It’s said there are few safer bets in Hollywood than a Bond film.The latest offering in the extremely lucrative Bond franchise – “Skyfall” – has already broken box-office records, taking some $87.8 million in its first weekend in the USA, and easily covering its $200 million production costs in the first two weeks. So far, the Eon Productions series has grossed $4,910,000,000 (over $12,360,000,000 when adjusted for inflation) worldwide, making it the second highest grossing film series after “Harry Potter”.
In a world in which active compassion for our fellow humans was the norm, would such extravagances be tolerated? A question at least worth asking. But I’ll leave it open. I’m going to tackle the simpler question as to whether anything of consequence lies below the surface of the seemingly harmless escapism of the 007 movies, and in particular “Skyfall”.
By Paul Craig Roberts
The morons who rule the American sheeple are not only dumb and blind, they are deaf as well. The ears of the American “superpower” only work when the Israeli prime minister, the crazed Netanyahu, speaks. Then Washington hears everything and rushes to comply. Israel is a tiny insignificant state, created by the careless British and the stupid Americans. It has no power except what its American protector provides. Yet, despite Israel’s insignificance, it rules Washington.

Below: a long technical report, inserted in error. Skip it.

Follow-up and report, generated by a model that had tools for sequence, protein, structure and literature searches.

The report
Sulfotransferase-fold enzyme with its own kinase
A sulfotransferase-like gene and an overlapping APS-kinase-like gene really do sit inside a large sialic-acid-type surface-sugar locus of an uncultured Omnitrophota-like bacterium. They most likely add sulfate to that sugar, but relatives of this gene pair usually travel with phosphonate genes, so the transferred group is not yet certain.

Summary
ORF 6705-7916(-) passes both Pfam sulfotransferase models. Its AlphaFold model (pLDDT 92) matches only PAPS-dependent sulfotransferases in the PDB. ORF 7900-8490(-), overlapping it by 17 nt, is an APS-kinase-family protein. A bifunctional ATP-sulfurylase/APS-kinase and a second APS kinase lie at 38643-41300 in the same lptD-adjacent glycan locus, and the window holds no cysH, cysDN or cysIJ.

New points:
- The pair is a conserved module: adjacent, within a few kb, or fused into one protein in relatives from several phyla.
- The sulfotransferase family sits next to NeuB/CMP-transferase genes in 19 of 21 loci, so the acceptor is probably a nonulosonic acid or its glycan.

When a resolution introduced by the Israel Lobby is delivered to Congress, it passes unanimously. If Israel wants war, Israel gets its wish. When Israel commits war crimes against Palestinians and Lebanon and is damned by the hundred plus UN resolutions passed against Israel’s criminal actions, the US bails Israel out of trouble with its veto.
Lily Pad Roll
Journeys to the Outposts of the Empire
By Gaither Stewart
Scheduled for publication by Punto Press, Fall 2012
By Paul Carline